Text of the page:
House Tour

They Call Their Artful Island Home Hytte

In South Bristol, a scientist/shellfish entrepreneur’s quirky compound becomes a cheerful retreat for a large Norwegian family.

TEXT BY JESSE ELLISON
PHOTOGRAPHED BY JEFF ROBERTS
Home Sweet Hytte

ABOVE Brigette and Herlof Sørensen’s airy living room on South Bristol’s High Island combines Lillian August furnishings with a painting and wood-and-glass table by Brigette. The table displays stones found, along with the giant piece of driftwood, on the beach.

Norwegians use the word hytte to describe a country house or “away home,” as Brigette Sørensen puts it. For her and her largely Norwegian kin, it’s also a place where a von Trapp–size family can gather. It was in search of such a hytte that Brigette’s parents, Viola and William Glendinning, first came to Maine with their six children in the 1960s (a seventh child made later trips). It was a nine-hour drive from their New Jersey home, but the granite-battered coast reminded Viola of southern Norway, where she lived for much of her childhood, and she fell in love with it here. Until the 1970s, the family camped, often in one giant tent, then built a place on Nobleboro’s Pemaquid Pond, where they spent every subsequent summer. Brigette and her husband, Herlof, who are based in Connecticut, went on to own a few properties in the area before searching for a hytte compound to accommodate their five children, many potential grandchildren, and extended brood. In 2015, they found it: a nearly 10-acre parcel with a dozen structures on South Bristol’s High Island.

Tucked between Poorhouse Cove and the Johns River, the property was originally owned by a scientist who worked on the Manhattan Project and dabbled in the shellfish business. Among its buildings was an amorphous 1957 main house with a koi pond, bomb shelter, and rare copper roof; a former shellfish hatchery that “looked like a meth lab” on a pier jutting into the river; two gabled bunkhouses erected for hatchery employees from the University of Maine’s Darling Center; a two-bedroom prefab; and a post-and-beam barn.

Brigette, an artist, threw herself into an extensive renovation, starting with the hatchery, now called the Fish House. Working with her brother, Tor Glendinning, of Newcastle’s 44° North Architects, and nephew, Christian Glendinning, of Scarborough’s Glendinning Carpentry, she reimagined the structure as a summer kitchen with a massive soapstone-topped island she built of reclaimed wood panels and a deck suspended over the rocky shoreline. She tackled the main house herself, overseeing a gut reno that involved tearing out the koi pond, installing new windows and white-oak flooring, revamping the kitchen, and adding a cathedral-ceilinged entry and cedar porch with exposed fir rafters and a living wall studded with ferns, moss, and succulents. Outbuildings received fresh paint and décor and an English-style vegetable garden went in next to the barn Brigette plans to turn into her studio.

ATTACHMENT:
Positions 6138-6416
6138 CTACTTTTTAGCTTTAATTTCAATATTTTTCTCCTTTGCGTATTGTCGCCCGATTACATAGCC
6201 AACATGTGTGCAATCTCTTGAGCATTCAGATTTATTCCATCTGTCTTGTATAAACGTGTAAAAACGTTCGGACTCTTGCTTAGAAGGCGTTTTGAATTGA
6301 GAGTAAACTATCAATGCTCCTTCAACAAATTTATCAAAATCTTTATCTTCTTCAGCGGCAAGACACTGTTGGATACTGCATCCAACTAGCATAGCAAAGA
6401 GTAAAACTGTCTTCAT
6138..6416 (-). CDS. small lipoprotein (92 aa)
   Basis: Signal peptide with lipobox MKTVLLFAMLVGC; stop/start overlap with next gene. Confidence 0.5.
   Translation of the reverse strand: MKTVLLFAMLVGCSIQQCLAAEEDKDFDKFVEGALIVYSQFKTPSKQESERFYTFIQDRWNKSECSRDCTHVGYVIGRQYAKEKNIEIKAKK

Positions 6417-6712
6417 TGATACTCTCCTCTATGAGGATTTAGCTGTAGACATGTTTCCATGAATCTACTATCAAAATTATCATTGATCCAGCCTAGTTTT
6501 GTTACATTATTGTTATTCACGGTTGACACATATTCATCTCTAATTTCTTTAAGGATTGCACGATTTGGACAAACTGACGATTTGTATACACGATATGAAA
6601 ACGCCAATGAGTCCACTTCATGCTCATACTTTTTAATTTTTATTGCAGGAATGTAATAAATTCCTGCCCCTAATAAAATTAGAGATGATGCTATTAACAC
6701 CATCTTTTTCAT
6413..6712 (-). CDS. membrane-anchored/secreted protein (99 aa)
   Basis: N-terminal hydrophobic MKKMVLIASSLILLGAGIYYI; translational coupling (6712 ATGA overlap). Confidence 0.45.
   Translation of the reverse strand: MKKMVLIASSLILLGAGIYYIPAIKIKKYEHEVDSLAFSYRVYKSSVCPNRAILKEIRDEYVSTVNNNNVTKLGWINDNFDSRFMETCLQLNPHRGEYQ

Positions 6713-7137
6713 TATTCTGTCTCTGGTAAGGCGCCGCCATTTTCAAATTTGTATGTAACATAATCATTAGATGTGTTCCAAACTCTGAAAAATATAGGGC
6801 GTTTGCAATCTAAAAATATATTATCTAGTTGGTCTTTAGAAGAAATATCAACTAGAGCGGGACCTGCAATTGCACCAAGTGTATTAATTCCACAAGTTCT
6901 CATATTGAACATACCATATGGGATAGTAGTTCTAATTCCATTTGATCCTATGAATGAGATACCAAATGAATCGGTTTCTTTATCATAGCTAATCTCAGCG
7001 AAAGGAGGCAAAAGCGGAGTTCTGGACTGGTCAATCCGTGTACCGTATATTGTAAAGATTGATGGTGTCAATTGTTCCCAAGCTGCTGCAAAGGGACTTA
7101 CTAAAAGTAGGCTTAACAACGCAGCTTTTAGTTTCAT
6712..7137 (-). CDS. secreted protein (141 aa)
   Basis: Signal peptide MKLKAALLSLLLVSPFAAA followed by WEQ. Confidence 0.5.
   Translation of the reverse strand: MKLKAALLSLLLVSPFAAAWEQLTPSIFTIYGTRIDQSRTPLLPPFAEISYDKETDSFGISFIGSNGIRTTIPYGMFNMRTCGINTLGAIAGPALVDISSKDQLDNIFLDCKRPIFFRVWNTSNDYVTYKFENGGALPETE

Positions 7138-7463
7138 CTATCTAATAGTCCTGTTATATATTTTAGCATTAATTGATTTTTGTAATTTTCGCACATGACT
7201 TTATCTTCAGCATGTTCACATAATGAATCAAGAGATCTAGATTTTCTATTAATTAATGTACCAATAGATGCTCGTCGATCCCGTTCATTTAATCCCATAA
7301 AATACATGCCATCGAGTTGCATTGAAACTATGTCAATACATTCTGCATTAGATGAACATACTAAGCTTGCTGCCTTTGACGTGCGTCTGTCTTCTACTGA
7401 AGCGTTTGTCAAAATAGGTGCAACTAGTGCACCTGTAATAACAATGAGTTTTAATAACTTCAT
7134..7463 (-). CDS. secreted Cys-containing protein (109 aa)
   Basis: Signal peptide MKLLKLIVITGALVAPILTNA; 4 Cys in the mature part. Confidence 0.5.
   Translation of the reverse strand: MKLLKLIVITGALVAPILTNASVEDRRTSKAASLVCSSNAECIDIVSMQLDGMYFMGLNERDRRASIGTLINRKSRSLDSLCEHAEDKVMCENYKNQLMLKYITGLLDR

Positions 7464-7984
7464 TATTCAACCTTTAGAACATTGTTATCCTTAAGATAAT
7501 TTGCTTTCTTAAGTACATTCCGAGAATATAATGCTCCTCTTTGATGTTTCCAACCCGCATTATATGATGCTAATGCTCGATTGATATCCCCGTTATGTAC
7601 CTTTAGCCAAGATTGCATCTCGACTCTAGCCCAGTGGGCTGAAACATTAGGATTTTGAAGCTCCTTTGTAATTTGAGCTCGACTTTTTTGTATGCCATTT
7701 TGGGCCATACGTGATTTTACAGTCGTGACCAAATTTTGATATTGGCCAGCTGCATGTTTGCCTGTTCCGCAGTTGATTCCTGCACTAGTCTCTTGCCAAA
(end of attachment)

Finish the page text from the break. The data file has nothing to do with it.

Home Sweet Hytte

ABOVE Brigette, Herlof, and their son, Heath, enjoy a traditional Norwegian spread of sausages, herring, and Solo orange soda.

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spiral staircase
Home Sweet Hytte
Home Sweet Hytte
Home Sweet Hytte
Home Sweet Hytte

ABOVE 1) The Sørensens added a spruce-ceilinged entry bump-out with a built-in bench, paired with an aerial photograph of High Island, and refinished the original spiral staircase. 2) In the Fish House kitchen, Brigette painted a bureau red to match a Norwegian flag runner; a framed collection of nautical knots hangs overhead. 3) In the Fish House kitchen, wire-mesh pendants from LNC Home that remind Brigette of fish netting crown a soapstone-and-reclaimed-wood island she made; shadow boxes display heirloom silver. 4) Herlof’s grandfather carved the wooden chest, which depicts the arrival of Christianity in Norway, in the entry. 5) Mason Clark Doody refaced the living room’s mid-century stucco fireplace and built a hearth from fieldstones found on the property; beneath the Norwegian reindeer skin, a secret hatch leads to a bomb shelter.